Asus is introducing three new compact desktop computers at the Consumer Electronics Show this week. The Asus ExpertCenter PN64-E1 is an updated version of a system the company first introduced a year ago, but now it’s powered by a 13th-gen Intel Core processor.

Meanwhile the Asus ExpertCenter PN42 is the company’s latest fanless, low-power system, now powered by an Intel Alder Lake-N processor featuring Gracemont CPU cores. And the Asus Chromebox 5 sports a 12th-gen Intel Core processor, but it has a nifty new feature: a wireless charging coil that lets you charge smartphones or other gadgets by placing them atop the mini PC.

Asus PN64-E1

Asus hasn’t provided detailed specs for the new systems yet, but here’s what we know about each so far.

Asus ExpertCenter PN64-E1

This mini PC feature an Intel Raptor Lake mobile processor and supports up to 32GB of dual-channel DDR5 memory and two PCIe 4.0 x4 slots for solid state storage plus room for  2.5 inch drive.

It has a WiFi 6E card for wireless connectivity and a set of ports that includes:

  • 2 x Thunderbolt
  • 2 x HDMI
  • 1 x DisplayPort
  • 1 x Ethernet
  • 5 x USB 3.0 Type-A
  • 1 x 3.5mm audio

Asus says the system supports up to an 8K display or up to four 4K displays. And while the only thing the company says about the size is that it has a “sub-1-liter chassis,” the new PN64-E1 looks a lot like last year’s model, suggesting it’ll measure around 5.1″ x 4.7″ x 2.2″.

The Asus ExpertCenter PN64-E1 will be available in the first quarter of 2023.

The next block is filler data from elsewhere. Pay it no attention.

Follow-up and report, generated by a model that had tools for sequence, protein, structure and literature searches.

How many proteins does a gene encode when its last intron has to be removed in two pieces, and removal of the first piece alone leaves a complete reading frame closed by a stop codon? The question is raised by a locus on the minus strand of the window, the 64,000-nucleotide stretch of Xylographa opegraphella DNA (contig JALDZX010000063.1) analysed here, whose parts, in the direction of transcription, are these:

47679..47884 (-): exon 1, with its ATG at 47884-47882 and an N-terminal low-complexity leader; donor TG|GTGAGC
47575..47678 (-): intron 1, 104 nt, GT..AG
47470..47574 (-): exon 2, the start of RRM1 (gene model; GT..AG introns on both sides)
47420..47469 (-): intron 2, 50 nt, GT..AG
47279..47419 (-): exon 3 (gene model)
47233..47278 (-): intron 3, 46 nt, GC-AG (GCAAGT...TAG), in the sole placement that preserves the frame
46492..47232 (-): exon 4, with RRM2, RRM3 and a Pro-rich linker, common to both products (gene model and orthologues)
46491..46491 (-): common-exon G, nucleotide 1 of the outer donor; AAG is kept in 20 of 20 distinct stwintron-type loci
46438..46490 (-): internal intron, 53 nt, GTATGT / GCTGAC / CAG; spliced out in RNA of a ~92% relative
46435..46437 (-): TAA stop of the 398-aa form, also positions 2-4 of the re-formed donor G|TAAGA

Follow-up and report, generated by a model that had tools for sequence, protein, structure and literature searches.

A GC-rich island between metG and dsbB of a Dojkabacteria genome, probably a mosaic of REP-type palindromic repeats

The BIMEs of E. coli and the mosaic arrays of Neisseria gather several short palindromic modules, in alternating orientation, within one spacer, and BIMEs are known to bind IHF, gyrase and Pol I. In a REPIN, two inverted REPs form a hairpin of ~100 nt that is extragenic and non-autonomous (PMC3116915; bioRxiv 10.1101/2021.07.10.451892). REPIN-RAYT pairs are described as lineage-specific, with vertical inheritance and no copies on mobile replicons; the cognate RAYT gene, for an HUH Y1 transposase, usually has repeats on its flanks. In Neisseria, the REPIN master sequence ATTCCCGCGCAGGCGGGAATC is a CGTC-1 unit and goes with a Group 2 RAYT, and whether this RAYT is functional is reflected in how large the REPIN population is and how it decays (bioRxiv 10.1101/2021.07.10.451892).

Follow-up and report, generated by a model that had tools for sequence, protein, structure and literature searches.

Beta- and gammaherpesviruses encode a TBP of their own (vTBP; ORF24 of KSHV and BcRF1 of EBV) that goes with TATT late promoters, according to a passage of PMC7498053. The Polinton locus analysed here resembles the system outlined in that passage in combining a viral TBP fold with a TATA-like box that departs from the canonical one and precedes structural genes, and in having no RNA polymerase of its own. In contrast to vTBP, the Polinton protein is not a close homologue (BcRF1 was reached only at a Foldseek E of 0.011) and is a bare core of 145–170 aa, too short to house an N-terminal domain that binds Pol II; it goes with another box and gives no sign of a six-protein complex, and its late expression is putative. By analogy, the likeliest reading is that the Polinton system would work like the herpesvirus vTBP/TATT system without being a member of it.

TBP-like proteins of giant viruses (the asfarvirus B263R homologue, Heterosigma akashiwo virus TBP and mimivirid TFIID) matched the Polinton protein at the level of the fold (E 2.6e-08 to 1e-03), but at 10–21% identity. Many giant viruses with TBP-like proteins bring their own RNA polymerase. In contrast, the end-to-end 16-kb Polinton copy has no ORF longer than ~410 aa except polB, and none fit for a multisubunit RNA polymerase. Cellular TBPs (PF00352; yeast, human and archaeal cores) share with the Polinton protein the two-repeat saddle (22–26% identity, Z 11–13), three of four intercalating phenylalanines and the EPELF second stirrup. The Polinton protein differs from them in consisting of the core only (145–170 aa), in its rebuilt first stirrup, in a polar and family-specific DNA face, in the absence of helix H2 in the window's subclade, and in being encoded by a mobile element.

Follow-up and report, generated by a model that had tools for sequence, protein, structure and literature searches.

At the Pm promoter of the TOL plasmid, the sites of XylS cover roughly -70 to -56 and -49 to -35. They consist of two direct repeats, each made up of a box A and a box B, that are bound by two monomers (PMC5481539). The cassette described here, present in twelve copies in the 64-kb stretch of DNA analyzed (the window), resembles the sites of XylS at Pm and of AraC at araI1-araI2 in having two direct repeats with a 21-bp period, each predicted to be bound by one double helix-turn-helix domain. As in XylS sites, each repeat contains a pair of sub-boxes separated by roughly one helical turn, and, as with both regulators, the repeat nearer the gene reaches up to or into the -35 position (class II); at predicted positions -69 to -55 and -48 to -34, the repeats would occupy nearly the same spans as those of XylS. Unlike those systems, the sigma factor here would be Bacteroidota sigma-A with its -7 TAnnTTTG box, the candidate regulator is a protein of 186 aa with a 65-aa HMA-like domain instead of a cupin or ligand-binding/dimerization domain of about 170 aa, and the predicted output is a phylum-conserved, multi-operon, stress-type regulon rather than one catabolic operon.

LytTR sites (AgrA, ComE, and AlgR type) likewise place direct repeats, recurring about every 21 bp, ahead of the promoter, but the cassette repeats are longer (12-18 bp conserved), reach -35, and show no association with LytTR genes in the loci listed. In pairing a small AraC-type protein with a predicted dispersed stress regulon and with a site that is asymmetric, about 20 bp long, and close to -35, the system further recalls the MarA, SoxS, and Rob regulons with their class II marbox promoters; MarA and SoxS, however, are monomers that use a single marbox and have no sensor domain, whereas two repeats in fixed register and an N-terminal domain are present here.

Asus ExpertCenter PN42

This lower-power system will be available with a choice of Intel N100 or N200 processor options. Both are 6-watt, 4-core, 4-thread processors, but the N200 is a little faster and has better graphics.

It’s a fanless PC with a black chassis made from recycled plastic with “slats on all sides for efficient heat dissipation,” or as much dissipation as you can get from plastic, I guess.


Asus says the system features “up to seven USB ports,” including the two USB Type-A ports shown on the front of the computer. It also has separate mic and headphone jacks, a 2.5 GbE Ethernet port, an M.2 slot for PCIe SSD storage, and support for up to three displays.

The Asus ExpertCenter PN42 will be available in the first quarter of 2023.

Asus Chromebox 5

While the 12th-gen Intel Alder Lake processor that powers this little ChromeOS desktop computer isn’t as new or as powerful as the chips used in the PN64-E1, it’s a nice upgrade over the 10th-gen Comet Lake chips that Asus tapped for the previous-gen Chromebox 4.

The new model also adds support for WiFi 6E (up from WiFi 6), a Thunderbolt 4 port (up from USB Type-C), and the aforementioned built-in 15W wireless charging top cover.

Asus says the Chromebox 5 can drive up to four 4K displays, and it’s compact enough to be easily mounted to the back of a display using a VESA mount kit. Of course, the wireless charging cover probably won’t be all that useful if the system is mounted vertically behind a display, but I suppose it’s a nice perk to have if you opt to position the computer horizontally on a desk.

The Chromebox 5 has a PCR plastic chassis with a textured, fingerprint-resistance surface, two HDMI ports, a DisplayPort, 2.5 Ghz Ethernet jack and five USB ports (one Thunderbolt 4 and four USB-A), and a microSD card reader.

Under the hood it sports an M.2 slot for PCIe Gen 4 x4 storage, and Asus says the Chromebox 5 will be available with Intel Celeron, Core i3, Core i5, and Core i7 processor options. It should go on sale by the end of March with prices starting at $400.

press release

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  1. Yeah, unless you need the smallest form factor possible, people should just get a build with a dGPU, discounted Zen 3 or Alder lake, paired with a budget GPU. Like if gaming is the primary goal a 5600/12400f+ RX6600 or 12100f+RX6500. It ends up being cheaper, and significantly better gaming performance.

  2. Do they use HDMI 2.1? Wondering if they support 4k 120hz for better media support of 4k 24fps

  3. Please describe dimensions in metric measurements. Almost everyone uses these measurements now, and even in the USA metric is used for scientific and engineering purposes.